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Charles Mackay (Чарльз Маккей)

The Out-Comer and the In-Goer

For Ernest was a palace built,
A palace beautiful to see;
Marble porched, and cedar chambered,
Hung with damask drapery;
Bossed with ornaments of silver,
Interlaid with gems and gold;
Filled with carvings, from cathedrals
Rescued in the days of old;
Eloquent with books and pictures,
All that luxury could afford;
Warm with statues that Pygmalion
Might have fashioned — and adored.
In his forest glades and vistas
Lovely were the light and gloom;
Fountains sparkled in his gardens,
And exotics breathed perfume.

With him to that lordly palace
Went the friend who loved him best,
In good fortune unexalted,
In misfortune undepressed.
Little recked that friend of grandeur;
Dearer far to him than all
Wealth could offer, were the rose-buds
Growing on the garden-wall.
Dearer far were simple pleasures,
And the charms by Nature spread,
Than all gauds of power and splendor,
Heaped upon their favorite's head.
Plain was he in speech and raiment,
Humble-minded, and imbued
With a daily love of virtue,
And a daily gratitude.

Ere these palace-halls received them,
Steadfast was the faith they bore;
No estrangement came between them,
Darkening their study door.
Ernest in his friend's communion,
Loved himself and all his kind,
Cherishing a loving nature,
Tutored by a happy mind,
Rich and poor were equal brothers,
In that heart too pure to hold
Pride of lineage or of station,
Or the vanity of gold.
Never chanced it, in that season,
That he formed a thought unjust
Of the meanest fellow-mortal
Fashioned of a common dust.

But his palace somewhat changed him;
Rose-buds gathered — early walks —
Sunset roamings — nightly musings —
Mystic philosophic talks —
Nothing as of old engrossed him;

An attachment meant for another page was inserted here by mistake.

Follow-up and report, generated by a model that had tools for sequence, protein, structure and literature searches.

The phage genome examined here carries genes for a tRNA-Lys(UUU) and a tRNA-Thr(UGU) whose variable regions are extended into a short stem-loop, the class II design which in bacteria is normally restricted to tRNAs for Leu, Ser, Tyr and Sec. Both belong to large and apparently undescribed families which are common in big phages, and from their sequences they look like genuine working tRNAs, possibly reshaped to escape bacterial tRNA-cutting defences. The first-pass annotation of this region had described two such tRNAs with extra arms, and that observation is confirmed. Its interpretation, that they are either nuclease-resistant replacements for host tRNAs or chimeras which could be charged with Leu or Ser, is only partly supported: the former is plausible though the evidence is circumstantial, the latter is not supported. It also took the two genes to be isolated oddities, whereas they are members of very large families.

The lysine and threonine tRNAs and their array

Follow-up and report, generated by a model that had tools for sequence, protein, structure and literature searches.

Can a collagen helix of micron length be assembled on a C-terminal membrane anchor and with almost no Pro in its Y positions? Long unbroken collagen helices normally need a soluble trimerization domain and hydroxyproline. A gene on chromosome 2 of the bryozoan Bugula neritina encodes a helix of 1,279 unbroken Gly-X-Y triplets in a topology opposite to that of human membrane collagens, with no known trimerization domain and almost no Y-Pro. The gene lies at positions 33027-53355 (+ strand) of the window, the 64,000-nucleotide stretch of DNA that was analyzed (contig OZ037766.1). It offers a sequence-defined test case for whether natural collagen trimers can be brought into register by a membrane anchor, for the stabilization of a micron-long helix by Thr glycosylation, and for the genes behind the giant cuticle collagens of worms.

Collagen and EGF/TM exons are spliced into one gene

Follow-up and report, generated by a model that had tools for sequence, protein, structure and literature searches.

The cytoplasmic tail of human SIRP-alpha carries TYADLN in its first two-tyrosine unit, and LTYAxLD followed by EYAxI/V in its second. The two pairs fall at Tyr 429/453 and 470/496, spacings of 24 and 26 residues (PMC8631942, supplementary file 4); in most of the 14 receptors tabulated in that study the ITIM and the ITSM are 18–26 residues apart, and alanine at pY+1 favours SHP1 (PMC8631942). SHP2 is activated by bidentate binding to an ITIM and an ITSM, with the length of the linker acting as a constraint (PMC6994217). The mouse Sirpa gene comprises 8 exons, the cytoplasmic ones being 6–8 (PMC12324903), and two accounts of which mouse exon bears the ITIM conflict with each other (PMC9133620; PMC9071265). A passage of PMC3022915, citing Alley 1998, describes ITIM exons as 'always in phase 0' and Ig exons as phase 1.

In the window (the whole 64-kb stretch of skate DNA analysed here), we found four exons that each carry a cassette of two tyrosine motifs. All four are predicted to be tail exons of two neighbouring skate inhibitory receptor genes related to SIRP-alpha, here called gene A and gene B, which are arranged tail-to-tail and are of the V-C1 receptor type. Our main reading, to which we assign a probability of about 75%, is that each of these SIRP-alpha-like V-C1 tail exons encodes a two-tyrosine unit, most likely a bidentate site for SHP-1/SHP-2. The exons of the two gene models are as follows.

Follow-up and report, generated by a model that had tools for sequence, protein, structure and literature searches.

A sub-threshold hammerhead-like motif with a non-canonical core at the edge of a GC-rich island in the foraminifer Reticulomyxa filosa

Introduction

And the promptings of his friend
Fell upon his sated spirit,
Not to guide him, but offend.
Daily grew the chilling coolness,
Till, ere many months had flown,
Ernest shut his door upon him,
And resolved to live alone:
And retreating 'mid his splendor
Rooted out all love he bore
For that friend, so true, so noble,
Banished, lost for evermore.

Scarcely had that friend departed,
Pained and pensive, but resigned,
When another sought the palace,
More accordant to his mind.
He in Ernest's lordly chambers
Sat, and called him first of men;
Praised his pictures and his statues,
Flattered him with tongue and pen;
Pressed the milk of human kindness
From his bosom cold and sere,
Taught him to be harsh and cruel,
Proud, disdainful, and austere;
Filled him up with vain inflation,
And contempt for meaner clay,
As if he were born to govern,
It to flatter and obey.

Sometimes on his lonely pillow,
When his conscience showed the truth,
He deplored his blind estrangement
From the comrade of his youth;
But the daylight chilled the current
Of that feeling, and it froze
Hard enough to bear the burden
Of such memories as those.
And all day, in gloomy grandeur,
In his corridors and halls,
Looking at his old escutcheons,
And the portraits on the walls,
He and his companion wandered,
Calm of eye, with lips upcurled,
Aliens to the worth and goodness,
And the beauty of the world.

Wintry winds of human anguish,
Blowing round them day and night,
Never moved them — never clouded
Their serenity of light.
They were made of choice material,
Tempest-proof, from lightning free,
And the world, its joys and sorrows,
Was to them a shipless sea,
Dark, unfathomable, trackless,
Far beyond their care or ken,
Save at times, when ostentation
Brought them to the gaze of men;
But ev'n this was painful to them:
Man was cold, and earth was wide; —
They preferred the warm seclusion
Of their apathy and pride.
Who was he, the first out-goer?
He was Human SYMPATHY;
And the in-comer that displaced him?
With the first Religion vanished,
Charity, and Faith in Man,
And the genial Love of Nature,
Boundless as Creation's plan.
With the second entered Hatred,
Harsh Intolerance, and Scorn: —
Ernest in his life's cold evening
Saw the error of his morn —
Saw his error and deplored it,
And upon his death-bed lain,
Prayed for mercy, while confessing,
Dying, he had lived in vain.

Charles Mackay's other poems:
  1. Lorenzo Pines in Dungeon Gloom
  2. Street Companions
  3. The Drop of Ambrosia
  4. The Poor Man's Sunday Walk
  5. The Days of Yore

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